Jerusalem, Recently, the two leading American newspapers, the Washington Post and the New York Times, made serious and sincere efforts to review their editorial and coverage policies regarding the Iraqi war and their uncritical approach to the Bush administration's justification for that war. This trend of self-criticism is very good and encouraging news for American democracy. These two publications, while being directed at and read by a relatively narrow 'intellectual' readership, also serve to 'pull' with them the widely circulated local media, TV reporters, and popular press.
As a responsibility of my profession I have been reading a wide spectrum of the American press for many years. Much of the time, I find myself puzzled by the uncritical and biased coverage of the Israeli political scene. American media is uncritical even in comparison to Israel's quality media. All too often, the American media sounds just like a mouthpiece of the Israeli government's propaganda, such as the flattering and ill researched profile of Ariel Sharon in the New York Times Magazine (August 15).
Presently Israel is a highly divided society in which most of the intellectual community is extremely critical of the government's policies. The criticisms are predominantly focused on two main areas. The first is the serious deterioration of the Israeli welfare state; not since the 50s have so many Israelis found themselves below the official poverty line. The second concerns the ways in which Israel chooses to manage its relations with its Arab citizens and with the Palestinians living in the West Bank and Gaza. Many Israeli intellectuals, experts and professionals, including former high-ranking generals and intelligence officers perceive not only the failures of these policies but also address the inter-linkage between them that could lead Israel towards a suicidal position despite its military strength. The enlightened and informed American public, for its part, is not granted the opportunity to hear any of these non-peripheral voices.
The most recent example concerns the coverage and analysis of the advisory ruling of the International Court of Justice at the Hague regarding the fence/wall. The majority of the American press regurgitated the official American and Israeli propaganda which proposed that the court had singled out the Israeli nation from other nations by its very acceptance to rule on the subject and by its determination that it has the jurisdiction to rule on the subject. Furthermore, they argued that the court had ignored Israel's right to defend itself from suicide terrorism. The bottom line, which was either implicitly or explicitly stated, was that the ruling was driven by pure anti-Semitism.
I find it simply impossible to comprehend why a decent commentator writing for an esteemed newspaper would print such nonsense or why an editor would allow such nonsense to be printed. A simple visit to the website of the ICJ reveals dozens of cases against states which have been brought before this court from 1946 onwards. Among them is not only the recent trial of Serbian Milosevic, but also cases against Belgium, India, Canada, France, Italy, the Netherlands, the United States, Germany, Rwanda genocide operatives, the USSR and on and on.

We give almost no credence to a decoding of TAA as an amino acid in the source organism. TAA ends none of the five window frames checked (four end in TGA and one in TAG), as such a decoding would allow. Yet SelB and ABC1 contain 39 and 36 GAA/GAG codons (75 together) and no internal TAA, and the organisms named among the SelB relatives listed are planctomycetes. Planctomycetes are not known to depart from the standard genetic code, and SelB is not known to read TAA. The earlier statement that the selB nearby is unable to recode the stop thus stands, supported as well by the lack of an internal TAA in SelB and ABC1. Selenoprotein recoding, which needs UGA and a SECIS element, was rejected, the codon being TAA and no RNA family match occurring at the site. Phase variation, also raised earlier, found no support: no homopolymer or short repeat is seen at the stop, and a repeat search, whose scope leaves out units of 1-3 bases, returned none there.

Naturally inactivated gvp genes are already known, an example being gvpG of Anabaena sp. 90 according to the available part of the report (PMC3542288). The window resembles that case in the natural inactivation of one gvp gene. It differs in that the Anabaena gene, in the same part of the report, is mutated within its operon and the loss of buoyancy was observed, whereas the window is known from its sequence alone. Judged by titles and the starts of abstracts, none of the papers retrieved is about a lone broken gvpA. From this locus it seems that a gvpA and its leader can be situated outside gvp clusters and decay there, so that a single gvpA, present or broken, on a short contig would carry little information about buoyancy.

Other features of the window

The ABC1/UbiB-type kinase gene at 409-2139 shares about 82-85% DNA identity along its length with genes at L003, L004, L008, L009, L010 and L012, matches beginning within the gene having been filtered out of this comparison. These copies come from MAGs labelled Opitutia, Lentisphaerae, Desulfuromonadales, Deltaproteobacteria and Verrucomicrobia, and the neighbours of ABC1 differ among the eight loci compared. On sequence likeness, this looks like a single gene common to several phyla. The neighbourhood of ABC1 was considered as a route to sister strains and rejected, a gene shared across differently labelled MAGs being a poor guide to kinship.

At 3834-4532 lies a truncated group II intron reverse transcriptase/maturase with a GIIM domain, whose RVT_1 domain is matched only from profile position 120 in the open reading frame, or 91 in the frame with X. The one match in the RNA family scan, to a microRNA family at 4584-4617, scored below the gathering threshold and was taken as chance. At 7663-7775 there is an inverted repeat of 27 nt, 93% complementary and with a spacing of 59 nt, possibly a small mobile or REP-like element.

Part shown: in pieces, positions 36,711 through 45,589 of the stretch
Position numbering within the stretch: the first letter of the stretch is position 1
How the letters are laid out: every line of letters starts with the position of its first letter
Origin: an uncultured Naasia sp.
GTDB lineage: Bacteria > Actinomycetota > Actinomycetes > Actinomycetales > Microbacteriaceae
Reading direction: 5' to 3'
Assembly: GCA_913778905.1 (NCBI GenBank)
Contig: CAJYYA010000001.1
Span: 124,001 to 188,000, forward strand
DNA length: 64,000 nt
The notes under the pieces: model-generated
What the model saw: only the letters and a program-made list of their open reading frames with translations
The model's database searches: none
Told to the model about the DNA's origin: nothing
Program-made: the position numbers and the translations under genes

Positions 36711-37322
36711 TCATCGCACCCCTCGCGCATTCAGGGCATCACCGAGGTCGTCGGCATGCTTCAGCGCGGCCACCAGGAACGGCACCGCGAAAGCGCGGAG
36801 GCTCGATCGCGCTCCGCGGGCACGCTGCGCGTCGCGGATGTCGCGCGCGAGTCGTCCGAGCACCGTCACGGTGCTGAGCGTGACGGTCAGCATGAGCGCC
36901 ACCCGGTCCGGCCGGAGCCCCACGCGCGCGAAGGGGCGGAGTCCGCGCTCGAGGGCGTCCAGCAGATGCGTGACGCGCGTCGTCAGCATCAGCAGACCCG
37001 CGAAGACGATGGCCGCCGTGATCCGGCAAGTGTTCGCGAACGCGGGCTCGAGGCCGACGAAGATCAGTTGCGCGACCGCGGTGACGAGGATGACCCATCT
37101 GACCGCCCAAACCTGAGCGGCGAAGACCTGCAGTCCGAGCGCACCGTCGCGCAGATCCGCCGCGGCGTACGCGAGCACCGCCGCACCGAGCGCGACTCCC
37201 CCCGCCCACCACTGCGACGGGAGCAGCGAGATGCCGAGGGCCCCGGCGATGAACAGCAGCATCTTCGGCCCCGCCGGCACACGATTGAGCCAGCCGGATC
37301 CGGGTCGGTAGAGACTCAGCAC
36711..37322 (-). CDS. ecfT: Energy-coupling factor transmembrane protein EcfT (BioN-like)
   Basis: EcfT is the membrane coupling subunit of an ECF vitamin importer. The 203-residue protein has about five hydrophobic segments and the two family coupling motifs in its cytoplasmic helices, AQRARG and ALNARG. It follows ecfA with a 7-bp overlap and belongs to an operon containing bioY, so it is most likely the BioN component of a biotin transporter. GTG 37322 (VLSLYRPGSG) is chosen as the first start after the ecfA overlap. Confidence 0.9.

Furthermore, the ICJ did not ignore the right of Israel to self-defense but objected purely to the route of the disputed wall. The court simply ruled that Israel must protect itself within the confines of international law, which stipulates that unusual measures - such as the construction of a wall in occupied territory - should be undertaken only in cases where no other option is available. The building of the wall along the designated route did not constitute such a case (clause 140). I cannot help but wonder how many of the op-ed writers even bothered to read the ruling.
It seems reasonable that the uncritical reporting and dealing with the invasion of Iraq and of the various Israeli activities are rooted in the same phenomenon - the American cult of power-oriented, exemplified by the weird machoistic quarrel about John Kerry's past as war-hero in the not so heroic Vietnam War. Ignoring and even encouraging power oriented politics does not just contradict the standards of good journalism, but it also exposes both nations, and especially the Israeli one, to unnecessary risks of becoming soon a pariah nation. Please do not forget that Israel does not engage in such adventures as its invasion of Lebanon in 1982 or the destruction Palestinian social and political infrastructures - without American consent.
I strongly believe that the time has come for good and unbiased American journalism and coverage of issues relating to Israel and the US administrations policy toward it.
Baruch Kimmerling is a professor of sociology at the Hebrew University of Jerusalem. Among his recent books are Politicide: Ariel Sharon's War Against the Palestinians (Verso, 2003), Immigrants, Settlers and Natives (Alma and Am Oved, Hebrew, 2003), and The Palestinian People (Harvard University Press, 2003) with Joel S. Migdal.
Unrest in Gaza and the US Election